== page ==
Aux batteries and charging advice needed

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Posts: 1
Joined: Thu Aug 12, 2010 11:55 am
Town: Potchefstroom
Vehicle: Hilux 3. D4D 4x4 D/C
Real Name: Jaco

Good day all you clever people

This accountant need some advice.

Currently this is my electrical set-up as attached.
Krag van bakkie.png
Two auxiliary batteries:

1. 100Ah AGM in the load bin.
2. 80Ah Regular high cycle in engine bay (chose high cycle due to effect of heat and faster charging).

I have "two" sources of charging the batteries:

1. HCdP HPP1 MK5 Power panel (14.2V DC to DC 12A, ; 240V AC 12 A; 1 x 100 W Solar panel) - this question however more relates to the 12v DC to DC charger.
2. Alternator via NL Intelligent solenoid - Alternator measured at 14V output measured using digital multi meter if worth anything.

(PS I know the alternator effectively charges both batteries no matter what, but one option is directly and the other is via the DC to DC charger)

I have a three way marine isolator switch that I can use to select which battery (or both) supplies power to the Power panel.

Other for the wiring running from the main battery to the HCDP Power panel as 12v input, which is 10mm2, all the other wiring is 16mm2. Battery in the load bin is close to the Power panel. Only long distance for wiring is from engine bay to load bin.

My "standard" set-up is such that the isolator switch is set to 1, meaning, when driving, the alternator directly charges the high cycle aux battery in the engine bay, while the AGM aux battery in the load bin is charged via the DC to DC charger.
When not driving, the aux battery in the load bin supplies the power to the various outputs (fridge (80 l NL double; some LED lighting and water pump). If the power becomes low, I can switch the isolator switch to 2, so that the high cycle battery in the engine bay supplies the power to the loads. This is really the back-up battery.

My questions are as follows (the more I read, the more I get confused!):

1. How will charging be impacted if the isolator switch is set to 3, meaning both batteries are connected in parallel. Now the alternator supplies both batteries as well as via the DC to DC charger. What will happen? My view is that the Power Panel will pick up that the battery (ies) are fully charged since it will read the battery power as 14V, the output of the alternator. I therefor think the Dc to DC charger will do nothing and all charging will be done just by the alternator.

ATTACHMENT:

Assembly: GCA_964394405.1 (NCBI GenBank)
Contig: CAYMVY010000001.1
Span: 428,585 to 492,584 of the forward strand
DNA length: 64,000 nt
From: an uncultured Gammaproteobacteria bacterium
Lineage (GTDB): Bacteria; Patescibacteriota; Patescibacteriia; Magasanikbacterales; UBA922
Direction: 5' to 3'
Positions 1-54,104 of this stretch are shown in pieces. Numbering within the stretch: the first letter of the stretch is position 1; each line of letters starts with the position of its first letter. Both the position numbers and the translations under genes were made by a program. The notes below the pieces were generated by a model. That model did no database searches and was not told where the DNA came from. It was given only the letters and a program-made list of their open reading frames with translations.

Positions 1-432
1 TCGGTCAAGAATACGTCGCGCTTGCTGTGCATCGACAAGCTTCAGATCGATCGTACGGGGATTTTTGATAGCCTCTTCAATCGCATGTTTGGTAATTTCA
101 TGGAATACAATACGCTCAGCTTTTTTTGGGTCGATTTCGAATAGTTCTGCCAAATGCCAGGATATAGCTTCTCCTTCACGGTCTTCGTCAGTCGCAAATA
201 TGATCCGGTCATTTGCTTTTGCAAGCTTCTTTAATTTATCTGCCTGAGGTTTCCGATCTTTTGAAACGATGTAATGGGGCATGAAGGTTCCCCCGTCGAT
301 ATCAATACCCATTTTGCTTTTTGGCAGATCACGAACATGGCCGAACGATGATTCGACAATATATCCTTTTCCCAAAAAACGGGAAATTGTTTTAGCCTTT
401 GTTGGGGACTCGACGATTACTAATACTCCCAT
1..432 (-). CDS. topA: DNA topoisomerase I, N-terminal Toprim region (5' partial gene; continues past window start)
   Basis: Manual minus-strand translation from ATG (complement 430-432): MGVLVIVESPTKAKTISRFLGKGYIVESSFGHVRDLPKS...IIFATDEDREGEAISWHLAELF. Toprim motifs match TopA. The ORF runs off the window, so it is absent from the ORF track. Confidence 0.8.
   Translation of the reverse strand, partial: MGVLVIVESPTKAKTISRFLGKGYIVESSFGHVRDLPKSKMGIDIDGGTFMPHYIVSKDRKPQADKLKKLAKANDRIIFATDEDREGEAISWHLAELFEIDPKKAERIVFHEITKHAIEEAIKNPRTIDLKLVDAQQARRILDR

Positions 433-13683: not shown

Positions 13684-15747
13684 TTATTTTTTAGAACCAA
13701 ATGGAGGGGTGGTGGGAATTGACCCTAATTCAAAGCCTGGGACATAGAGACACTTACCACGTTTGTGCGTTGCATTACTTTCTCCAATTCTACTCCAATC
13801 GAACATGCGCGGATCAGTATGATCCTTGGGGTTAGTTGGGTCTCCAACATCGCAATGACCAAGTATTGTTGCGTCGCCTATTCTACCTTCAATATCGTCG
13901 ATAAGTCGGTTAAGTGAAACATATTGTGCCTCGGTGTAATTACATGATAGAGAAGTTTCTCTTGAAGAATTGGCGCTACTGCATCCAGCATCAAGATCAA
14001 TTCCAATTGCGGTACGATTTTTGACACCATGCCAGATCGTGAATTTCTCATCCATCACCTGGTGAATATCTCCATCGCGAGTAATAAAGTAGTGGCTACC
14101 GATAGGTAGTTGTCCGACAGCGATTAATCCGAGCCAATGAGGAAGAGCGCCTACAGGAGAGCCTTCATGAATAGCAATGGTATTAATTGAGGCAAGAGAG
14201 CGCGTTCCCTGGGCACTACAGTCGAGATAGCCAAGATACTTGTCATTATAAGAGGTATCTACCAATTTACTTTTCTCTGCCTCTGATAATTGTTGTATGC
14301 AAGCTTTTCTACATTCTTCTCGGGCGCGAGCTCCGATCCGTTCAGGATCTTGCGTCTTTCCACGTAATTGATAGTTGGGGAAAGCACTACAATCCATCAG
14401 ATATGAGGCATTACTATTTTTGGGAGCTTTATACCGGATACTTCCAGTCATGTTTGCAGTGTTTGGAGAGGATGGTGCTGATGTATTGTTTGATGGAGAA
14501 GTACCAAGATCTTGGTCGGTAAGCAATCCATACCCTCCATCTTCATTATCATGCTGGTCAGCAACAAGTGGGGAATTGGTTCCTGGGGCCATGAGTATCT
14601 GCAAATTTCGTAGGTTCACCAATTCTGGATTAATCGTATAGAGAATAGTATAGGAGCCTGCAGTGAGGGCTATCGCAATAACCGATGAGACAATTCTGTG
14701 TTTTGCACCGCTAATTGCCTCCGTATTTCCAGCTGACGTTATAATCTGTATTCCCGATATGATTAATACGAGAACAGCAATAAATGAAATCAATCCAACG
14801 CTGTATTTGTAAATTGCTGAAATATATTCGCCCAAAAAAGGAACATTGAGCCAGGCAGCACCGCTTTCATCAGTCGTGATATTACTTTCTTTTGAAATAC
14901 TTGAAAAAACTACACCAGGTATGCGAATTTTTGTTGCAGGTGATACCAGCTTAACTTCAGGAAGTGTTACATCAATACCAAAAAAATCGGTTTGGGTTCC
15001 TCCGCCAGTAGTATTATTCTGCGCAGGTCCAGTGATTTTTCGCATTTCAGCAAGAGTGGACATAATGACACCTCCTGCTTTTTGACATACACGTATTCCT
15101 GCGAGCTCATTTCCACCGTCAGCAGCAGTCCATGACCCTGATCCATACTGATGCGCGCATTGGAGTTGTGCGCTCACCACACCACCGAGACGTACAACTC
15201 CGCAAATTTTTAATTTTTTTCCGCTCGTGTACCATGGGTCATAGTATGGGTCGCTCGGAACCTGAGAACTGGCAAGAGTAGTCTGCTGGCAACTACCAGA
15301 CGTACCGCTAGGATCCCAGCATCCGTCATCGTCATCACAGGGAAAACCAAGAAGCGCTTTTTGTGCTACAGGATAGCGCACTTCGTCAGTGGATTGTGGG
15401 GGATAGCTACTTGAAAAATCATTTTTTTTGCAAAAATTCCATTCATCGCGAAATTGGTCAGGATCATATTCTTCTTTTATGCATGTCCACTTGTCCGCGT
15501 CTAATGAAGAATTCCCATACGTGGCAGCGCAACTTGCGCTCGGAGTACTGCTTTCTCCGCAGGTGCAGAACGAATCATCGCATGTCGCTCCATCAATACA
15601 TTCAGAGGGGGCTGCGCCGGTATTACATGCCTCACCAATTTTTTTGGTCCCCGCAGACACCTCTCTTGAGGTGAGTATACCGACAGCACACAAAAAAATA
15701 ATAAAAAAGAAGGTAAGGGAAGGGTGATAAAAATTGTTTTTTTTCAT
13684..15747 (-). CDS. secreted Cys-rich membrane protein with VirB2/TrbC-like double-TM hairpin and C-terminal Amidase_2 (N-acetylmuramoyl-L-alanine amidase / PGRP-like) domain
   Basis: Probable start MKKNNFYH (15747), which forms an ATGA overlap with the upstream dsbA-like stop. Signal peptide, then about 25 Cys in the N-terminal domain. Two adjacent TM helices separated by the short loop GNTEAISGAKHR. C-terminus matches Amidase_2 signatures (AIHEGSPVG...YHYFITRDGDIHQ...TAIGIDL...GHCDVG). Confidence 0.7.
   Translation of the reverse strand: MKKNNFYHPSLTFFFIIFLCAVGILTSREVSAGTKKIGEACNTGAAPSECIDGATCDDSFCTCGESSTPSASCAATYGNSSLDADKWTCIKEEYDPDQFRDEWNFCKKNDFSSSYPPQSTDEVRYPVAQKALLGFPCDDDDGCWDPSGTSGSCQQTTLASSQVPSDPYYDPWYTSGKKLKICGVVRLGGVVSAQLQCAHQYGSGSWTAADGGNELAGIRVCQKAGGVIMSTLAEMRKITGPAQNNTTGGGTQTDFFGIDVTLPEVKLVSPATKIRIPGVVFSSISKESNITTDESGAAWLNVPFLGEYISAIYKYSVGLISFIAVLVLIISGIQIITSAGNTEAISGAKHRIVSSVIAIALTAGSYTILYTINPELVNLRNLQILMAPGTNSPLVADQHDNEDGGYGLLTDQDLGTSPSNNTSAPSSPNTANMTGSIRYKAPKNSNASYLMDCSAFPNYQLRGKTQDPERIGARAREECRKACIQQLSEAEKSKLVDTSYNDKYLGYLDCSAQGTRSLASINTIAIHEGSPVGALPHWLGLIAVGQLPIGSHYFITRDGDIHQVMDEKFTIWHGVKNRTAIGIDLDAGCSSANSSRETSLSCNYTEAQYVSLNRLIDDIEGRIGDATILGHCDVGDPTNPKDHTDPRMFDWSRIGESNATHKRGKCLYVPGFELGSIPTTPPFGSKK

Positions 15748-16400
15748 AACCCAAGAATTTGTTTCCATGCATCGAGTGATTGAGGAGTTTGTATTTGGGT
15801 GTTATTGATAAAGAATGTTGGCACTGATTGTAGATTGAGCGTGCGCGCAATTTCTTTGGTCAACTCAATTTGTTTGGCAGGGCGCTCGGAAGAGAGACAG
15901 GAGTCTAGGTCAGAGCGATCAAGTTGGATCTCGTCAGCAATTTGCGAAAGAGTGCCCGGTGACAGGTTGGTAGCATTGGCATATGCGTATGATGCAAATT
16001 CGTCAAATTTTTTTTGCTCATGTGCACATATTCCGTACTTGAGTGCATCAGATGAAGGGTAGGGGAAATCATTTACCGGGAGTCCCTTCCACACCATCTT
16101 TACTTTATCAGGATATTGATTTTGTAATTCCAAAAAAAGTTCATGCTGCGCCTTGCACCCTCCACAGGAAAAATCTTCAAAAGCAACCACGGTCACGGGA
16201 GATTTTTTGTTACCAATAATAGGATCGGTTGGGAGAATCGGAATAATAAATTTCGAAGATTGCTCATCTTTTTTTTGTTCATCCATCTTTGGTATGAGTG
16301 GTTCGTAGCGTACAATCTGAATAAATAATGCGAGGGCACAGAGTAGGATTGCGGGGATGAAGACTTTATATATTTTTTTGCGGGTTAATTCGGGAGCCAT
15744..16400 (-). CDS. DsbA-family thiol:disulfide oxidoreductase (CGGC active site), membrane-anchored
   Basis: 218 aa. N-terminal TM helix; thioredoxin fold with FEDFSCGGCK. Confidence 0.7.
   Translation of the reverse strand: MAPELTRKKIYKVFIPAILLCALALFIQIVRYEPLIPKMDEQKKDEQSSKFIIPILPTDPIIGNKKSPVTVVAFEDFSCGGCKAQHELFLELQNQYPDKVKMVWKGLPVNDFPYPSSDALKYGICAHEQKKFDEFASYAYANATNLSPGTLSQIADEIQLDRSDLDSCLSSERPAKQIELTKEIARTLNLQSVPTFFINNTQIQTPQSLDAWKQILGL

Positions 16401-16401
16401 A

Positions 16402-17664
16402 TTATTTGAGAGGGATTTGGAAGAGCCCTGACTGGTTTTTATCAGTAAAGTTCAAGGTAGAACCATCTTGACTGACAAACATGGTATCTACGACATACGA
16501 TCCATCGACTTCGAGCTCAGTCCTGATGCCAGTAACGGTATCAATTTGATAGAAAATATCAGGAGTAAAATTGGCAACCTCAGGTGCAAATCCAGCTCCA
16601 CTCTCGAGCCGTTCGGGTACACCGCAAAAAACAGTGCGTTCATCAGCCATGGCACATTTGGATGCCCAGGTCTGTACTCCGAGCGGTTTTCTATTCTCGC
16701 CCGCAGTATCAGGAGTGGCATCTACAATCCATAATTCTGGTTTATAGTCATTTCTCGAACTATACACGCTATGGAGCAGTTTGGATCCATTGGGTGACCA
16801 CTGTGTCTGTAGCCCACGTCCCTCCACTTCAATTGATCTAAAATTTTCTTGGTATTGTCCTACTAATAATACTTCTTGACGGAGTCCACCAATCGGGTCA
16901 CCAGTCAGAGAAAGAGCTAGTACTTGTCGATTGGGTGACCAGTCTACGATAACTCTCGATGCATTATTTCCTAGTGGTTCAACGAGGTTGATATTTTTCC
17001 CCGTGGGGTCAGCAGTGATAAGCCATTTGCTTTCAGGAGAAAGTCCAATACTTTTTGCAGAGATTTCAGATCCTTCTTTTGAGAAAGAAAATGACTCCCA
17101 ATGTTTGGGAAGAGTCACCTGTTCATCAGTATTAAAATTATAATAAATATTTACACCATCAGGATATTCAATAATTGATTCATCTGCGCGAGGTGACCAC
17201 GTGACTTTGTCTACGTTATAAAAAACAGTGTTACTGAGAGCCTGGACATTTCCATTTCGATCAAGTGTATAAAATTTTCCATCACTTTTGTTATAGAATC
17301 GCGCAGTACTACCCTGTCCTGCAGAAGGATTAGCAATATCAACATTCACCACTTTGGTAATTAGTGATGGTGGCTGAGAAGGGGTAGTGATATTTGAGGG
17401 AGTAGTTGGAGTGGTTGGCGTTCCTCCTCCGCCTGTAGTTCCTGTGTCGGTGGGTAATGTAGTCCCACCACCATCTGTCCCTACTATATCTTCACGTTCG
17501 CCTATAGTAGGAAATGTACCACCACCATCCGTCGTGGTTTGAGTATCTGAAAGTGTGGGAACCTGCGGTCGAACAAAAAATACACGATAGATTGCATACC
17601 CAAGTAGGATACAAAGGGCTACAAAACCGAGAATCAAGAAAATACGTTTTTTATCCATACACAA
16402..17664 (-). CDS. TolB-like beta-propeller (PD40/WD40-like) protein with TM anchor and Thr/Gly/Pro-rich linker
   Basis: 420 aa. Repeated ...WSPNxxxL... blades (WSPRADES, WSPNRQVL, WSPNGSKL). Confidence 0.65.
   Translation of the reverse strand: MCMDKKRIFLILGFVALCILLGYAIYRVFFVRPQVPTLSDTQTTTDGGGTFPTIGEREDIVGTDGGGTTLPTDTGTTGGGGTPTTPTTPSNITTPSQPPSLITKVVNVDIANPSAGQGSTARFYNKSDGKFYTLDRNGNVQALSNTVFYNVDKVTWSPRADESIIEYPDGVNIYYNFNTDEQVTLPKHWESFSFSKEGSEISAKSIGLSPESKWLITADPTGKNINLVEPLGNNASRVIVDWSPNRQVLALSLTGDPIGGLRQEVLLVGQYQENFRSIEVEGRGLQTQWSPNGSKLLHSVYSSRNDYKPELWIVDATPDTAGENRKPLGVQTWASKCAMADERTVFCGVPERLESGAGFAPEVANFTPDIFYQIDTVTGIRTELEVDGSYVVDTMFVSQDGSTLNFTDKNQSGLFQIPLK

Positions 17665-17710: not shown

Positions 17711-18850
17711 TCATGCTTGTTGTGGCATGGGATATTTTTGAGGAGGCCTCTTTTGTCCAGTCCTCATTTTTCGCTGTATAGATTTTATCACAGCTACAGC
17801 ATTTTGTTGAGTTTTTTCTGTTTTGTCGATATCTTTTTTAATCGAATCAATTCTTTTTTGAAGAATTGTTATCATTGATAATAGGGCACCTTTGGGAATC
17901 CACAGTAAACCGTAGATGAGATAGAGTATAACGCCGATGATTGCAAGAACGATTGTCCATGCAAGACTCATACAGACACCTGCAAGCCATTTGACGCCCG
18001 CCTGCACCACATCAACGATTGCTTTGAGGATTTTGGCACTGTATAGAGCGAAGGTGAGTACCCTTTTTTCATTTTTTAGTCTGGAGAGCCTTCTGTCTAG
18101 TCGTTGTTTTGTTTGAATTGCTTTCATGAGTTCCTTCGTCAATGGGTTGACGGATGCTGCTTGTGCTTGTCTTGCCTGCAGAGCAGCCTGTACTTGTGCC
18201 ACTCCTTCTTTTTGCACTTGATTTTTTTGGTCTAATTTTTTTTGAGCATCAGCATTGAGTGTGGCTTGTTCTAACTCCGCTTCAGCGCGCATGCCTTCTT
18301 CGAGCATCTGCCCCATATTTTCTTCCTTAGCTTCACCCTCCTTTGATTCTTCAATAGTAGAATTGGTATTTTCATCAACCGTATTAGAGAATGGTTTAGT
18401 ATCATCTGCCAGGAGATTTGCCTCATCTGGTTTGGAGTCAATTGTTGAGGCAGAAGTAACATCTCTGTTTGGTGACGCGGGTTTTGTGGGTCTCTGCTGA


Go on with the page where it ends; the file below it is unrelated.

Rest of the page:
2. How will you set the isolator switch when driving and when parked?
2.1 Again, my view and understanding: If my comment above holds true, while driving it will be best to set the switch to 3, and let both batteries initially be charged by the alternator . After about two hours, one can switch the isolator to 1, so that the AGM aux battery in the load bin is charged via the DC to DC charger. My reasoning: Faster initial charge directly by alternator and then later by DC to DC charger (although looking at the output of the alternator at 14V (and higher amps) and the DC to DC charger of 14.2V (max 12 Amps), I don't think the impact will be significant?).
2.2 When parked: Maybe first use the high cycle battery in engine bay, and then if power is low or going to bed, switch to AGM battery in load bin? Don't think it will work to switch to 3 and connect the batteries in parallel, since they are different types of batteries?

Any wise advice or suggestions will be welcomed, also if you think I should do something different.

PS I have another AGM battery spare, which is the same size and age as the one currently in use, but it doesn't fit in the engine bay, and I am worried about heat there, and also don't have space in the load bin for another battery. I have a double cab Hilux (2006 D4D) and no trailer.

We plan a trip to Botswana in July, where we will alternate camping one or two nights at a camp site (Nxai, Moremi, Chobe) and quite a lot of driving and game viewing even on the double stay days.
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